We were lucky that Saturday was a gorgeous day. 75 degrees with barely a breeze. Lovely!

Robert prepared the chainsaw, borrowed from a neighbor.

Quentin helped mama document the adventure (but not the part when the chainsaw was on)

First few branches removed. We could tell at this point that the real work was going to be cleaning up all the branches and leaves after the tree was down.

You can’t see him, but Robert is up in the tree.

Quentin went down for a nap, so I got to work removing leaves from larger branches so we could keep those as kindling.

Trevor, hard at work.

Robert, cutting up our firewood for next winter.

Time to get the rest of it down…devising a game plan.

The guys, enjoying a well-deserved beer.

Meanwhile, Quentin and I prepared lunch. Quiche Lorraine with a salad on the side. Complete with espresso and chocolate for dessert.

And, because it was so beautiful, we ate out on the grass.

Quentin was excited for his avocado.

Getting a taste of what spring feels like for the first time.

The big pile of branches is still on our patio, but luckily, we borrowed a brush chipper from a friend. The plan is to make mulch out of the small branches/leaves, and to save the larger branches for kindling.

And done.

Having the tree out really changes the look of our backyard. I wouldn’t say it’s for the better at this point, but I think it will be really nice once we get the stump removed and plant a fruit tree. I’ve been dreaming about what kind of fruit tree we’re going to plant. I’m kind of thinking apricot right now, but my mind isn’t totally made up. Any suggestions?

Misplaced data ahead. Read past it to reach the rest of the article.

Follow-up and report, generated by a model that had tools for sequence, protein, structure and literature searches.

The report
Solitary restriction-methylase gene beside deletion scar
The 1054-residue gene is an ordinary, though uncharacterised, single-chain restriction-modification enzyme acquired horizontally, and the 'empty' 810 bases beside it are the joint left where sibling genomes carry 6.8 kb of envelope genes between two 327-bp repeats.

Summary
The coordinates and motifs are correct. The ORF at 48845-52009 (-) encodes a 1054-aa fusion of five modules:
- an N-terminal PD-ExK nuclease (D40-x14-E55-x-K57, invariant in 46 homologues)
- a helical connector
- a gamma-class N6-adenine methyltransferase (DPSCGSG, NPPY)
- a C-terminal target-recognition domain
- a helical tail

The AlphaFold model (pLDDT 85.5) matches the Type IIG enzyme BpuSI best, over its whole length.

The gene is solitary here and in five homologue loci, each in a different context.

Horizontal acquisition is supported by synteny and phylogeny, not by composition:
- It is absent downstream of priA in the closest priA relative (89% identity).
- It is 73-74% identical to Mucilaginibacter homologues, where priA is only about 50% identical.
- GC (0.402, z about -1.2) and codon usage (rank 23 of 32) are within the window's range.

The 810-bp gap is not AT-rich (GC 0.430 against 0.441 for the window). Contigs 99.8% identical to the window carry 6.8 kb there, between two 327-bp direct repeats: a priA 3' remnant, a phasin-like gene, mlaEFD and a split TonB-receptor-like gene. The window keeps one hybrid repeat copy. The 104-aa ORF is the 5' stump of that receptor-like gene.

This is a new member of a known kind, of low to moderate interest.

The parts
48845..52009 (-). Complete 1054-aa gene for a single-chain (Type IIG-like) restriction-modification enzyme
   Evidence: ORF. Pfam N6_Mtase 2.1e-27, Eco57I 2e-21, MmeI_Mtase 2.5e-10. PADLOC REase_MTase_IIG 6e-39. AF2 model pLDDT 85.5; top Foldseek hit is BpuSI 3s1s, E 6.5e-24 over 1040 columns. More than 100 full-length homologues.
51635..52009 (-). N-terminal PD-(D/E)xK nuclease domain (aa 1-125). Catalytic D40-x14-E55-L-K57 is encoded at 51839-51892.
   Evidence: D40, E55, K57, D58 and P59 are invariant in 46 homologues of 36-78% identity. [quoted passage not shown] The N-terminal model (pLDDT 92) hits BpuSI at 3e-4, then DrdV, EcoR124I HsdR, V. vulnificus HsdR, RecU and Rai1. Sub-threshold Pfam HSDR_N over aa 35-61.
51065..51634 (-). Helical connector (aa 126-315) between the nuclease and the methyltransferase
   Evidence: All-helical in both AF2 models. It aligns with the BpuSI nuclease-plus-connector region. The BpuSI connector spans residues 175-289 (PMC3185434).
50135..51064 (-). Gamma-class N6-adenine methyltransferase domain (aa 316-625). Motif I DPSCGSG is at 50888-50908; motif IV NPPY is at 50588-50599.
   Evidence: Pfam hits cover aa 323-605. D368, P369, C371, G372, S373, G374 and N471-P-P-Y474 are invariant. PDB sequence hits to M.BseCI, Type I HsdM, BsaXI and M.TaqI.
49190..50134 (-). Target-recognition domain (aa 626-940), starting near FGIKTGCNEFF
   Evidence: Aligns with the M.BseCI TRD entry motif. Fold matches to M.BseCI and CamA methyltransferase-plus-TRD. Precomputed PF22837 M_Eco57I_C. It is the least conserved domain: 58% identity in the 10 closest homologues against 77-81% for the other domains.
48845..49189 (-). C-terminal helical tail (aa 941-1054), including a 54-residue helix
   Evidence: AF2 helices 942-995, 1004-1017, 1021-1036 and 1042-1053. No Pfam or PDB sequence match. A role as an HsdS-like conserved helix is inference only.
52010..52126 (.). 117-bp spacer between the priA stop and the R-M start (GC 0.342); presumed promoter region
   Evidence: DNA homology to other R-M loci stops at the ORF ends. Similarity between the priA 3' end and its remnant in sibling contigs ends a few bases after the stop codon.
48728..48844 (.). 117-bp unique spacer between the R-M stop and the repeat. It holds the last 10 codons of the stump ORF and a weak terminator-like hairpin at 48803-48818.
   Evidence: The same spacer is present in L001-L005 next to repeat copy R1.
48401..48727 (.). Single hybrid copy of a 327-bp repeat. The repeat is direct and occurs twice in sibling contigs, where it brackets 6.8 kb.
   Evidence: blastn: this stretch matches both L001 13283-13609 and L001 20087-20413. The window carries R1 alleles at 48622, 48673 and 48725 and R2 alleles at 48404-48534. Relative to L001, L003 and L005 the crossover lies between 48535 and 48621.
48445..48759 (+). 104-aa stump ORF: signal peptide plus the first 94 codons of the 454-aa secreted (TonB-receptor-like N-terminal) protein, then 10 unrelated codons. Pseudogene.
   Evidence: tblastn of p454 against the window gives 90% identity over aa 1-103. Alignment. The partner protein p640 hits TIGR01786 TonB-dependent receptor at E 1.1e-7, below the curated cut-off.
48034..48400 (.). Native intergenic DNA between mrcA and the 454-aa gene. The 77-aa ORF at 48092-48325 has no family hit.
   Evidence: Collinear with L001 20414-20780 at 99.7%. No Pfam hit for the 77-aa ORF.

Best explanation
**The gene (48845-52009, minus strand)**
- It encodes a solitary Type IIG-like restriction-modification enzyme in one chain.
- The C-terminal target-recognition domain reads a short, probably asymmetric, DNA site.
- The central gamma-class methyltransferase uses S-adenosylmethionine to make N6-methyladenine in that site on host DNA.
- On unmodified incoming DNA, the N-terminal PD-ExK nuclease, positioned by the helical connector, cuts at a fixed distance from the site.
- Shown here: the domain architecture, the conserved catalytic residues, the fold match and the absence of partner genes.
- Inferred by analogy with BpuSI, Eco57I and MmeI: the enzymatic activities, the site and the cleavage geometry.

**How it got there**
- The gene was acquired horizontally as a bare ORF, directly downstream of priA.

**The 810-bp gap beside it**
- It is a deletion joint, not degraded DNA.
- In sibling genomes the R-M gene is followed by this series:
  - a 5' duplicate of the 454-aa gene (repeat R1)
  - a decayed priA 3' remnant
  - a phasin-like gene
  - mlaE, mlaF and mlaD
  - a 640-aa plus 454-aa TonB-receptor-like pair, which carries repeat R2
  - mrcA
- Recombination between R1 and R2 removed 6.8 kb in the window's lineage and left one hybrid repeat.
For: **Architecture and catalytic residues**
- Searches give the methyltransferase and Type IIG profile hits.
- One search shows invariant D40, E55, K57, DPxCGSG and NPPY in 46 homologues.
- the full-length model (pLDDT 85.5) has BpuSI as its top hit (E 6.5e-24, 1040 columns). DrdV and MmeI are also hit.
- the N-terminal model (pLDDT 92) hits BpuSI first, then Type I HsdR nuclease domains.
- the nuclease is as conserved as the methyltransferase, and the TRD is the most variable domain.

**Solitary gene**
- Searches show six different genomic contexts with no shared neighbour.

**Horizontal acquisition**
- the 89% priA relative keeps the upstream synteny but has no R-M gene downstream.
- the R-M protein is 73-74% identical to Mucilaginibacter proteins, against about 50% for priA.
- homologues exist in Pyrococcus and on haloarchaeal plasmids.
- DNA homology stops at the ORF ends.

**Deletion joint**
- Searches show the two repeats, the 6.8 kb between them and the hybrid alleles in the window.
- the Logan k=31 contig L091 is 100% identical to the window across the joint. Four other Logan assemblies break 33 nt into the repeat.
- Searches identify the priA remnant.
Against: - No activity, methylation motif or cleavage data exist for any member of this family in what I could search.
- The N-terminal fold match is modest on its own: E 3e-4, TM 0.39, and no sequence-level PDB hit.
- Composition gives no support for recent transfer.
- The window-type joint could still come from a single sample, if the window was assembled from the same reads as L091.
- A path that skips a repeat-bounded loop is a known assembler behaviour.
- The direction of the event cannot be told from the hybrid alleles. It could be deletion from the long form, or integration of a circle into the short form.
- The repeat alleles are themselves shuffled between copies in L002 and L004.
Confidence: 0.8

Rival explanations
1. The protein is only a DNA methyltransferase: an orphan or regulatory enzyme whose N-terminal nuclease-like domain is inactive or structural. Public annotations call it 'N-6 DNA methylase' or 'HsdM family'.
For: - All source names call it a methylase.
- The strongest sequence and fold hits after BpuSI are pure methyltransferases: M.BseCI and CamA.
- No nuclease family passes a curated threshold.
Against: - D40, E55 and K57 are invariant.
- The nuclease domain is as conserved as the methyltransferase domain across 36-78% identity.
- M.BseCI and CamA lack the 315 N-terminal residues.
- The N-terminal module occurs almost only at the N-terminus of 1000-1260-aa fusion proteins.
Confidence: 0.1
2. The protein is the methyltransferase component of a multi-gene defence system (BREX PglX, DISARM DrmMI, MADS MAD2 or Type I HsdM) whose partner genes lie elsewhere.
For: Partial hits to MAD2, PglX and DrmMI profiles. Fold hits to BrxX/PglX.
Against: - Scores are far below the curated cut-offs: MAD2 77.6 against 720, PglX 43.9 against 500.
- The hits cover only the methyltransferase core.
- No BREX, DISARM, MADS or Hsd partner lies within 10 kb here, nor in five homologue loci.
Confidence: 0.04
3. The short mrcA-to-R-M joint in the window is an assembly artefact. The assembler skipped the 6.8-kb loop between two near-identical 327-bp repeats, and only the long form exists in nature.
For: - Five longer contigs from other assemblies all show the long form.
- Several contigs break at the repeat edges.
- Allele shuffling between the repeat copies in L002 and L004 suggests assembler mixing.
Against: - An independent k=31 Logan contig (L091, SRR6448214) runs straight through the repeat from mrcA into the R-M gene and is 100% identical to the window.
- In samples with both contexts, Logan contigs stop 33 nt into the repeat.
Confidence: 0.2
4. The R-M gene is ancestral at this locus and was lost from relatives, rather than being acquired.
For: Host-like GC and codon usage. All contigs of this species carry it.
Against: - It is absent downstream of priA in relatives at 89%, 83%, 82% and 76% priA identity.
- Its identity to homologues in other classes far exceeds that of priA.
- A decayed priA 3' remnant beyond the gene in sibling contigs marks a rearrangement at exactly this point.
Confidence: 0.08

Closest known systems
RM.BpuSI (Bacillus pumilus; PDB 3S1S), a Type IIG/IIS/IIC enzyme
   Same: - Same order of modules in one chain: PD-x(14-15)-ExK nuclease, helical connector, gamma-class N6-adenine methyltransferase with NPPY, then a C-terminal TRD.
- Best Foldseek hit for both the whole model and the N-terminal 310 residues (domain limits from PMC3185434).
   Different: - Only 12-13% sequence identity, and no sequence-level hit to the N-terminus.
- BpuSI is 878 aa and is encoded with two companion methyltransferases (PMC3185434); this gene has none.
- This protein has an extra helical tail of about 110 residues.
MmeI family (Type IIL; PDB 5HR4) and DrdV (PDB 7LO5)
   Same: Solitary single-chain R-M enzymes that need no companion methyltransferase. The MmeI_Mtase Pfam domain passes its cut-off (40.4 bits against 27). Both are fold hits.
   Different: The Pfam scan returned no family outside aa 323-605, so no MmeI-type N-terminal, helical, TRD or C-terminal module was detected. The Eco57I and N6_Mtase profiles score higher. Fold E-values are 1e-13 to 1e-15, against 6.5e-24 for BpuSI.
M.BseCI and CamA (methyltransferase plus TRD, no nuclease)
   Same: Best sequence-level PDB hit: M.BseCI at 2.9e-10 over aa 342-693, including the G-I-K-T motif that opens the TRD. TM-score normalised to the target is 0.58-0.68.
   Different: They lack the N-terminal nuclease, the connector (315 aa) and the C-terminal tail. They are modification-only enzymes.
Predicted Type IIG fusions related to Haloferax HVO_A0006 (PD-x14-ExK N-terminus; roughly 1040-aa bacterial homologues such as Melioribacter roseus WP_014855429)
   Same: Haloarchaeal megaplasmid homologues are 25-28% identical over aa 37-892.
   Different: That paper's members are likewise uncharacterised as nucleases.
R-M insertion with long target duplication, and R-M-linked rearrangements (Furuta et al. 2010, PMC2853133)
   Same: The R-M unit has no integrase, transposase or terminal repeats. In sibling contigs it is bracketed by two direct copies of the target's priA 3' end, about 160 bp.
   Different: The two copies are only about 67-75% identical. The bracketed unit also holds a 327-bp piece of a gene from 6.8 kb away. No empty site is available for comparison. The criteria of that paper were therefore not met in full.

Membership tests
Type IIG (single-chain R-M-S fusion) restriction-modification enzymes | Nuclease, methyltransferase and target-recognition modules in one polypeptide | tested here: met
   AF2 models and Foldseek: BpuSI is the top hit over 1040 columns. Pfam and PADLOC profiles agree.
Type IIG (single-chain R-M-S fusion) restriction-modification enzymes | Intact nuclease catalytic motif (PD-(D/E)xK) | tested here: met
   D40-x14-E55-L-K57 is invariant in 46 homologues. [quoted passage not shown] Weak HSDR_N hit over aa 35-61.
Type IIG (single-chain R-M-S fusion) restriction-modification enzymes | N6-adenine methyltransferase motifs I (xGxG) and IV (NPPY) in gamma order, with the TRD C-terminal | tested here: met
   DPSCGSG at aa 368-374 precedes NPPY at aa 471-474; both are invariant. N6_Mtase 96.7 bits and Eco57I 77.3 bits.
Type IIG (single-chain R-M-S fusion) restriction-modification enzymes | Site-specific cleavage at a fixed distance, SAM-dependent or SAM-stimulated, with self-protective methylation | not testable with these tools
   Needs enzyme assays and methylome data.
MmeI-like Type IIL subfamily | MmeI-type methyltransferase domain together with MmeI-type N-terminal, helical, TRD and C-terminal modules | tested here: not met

Helping mama in the kitchen

Quentin is 8 months old now, so I figure it’s high time he start pulling his weight around here. The other day, I pulled his high chair into the kitchen and he “helped” me bake a chocolate zucchini cake. He was a good little helper, although he sure did think it was fun to drop his bowl on the ground and have me pick it up.

Hmm…what’s this. Looks like the one we use at dinner. Only HUGE!

Oh yea, this is familiar. Now where’s the broccoli?

Can I put this one in my mouth?

Doh! I overshot a little there…that was bigger than I thought.

Oh little boy…so much to discover. We have so many days of cooking and baking together ahead of us!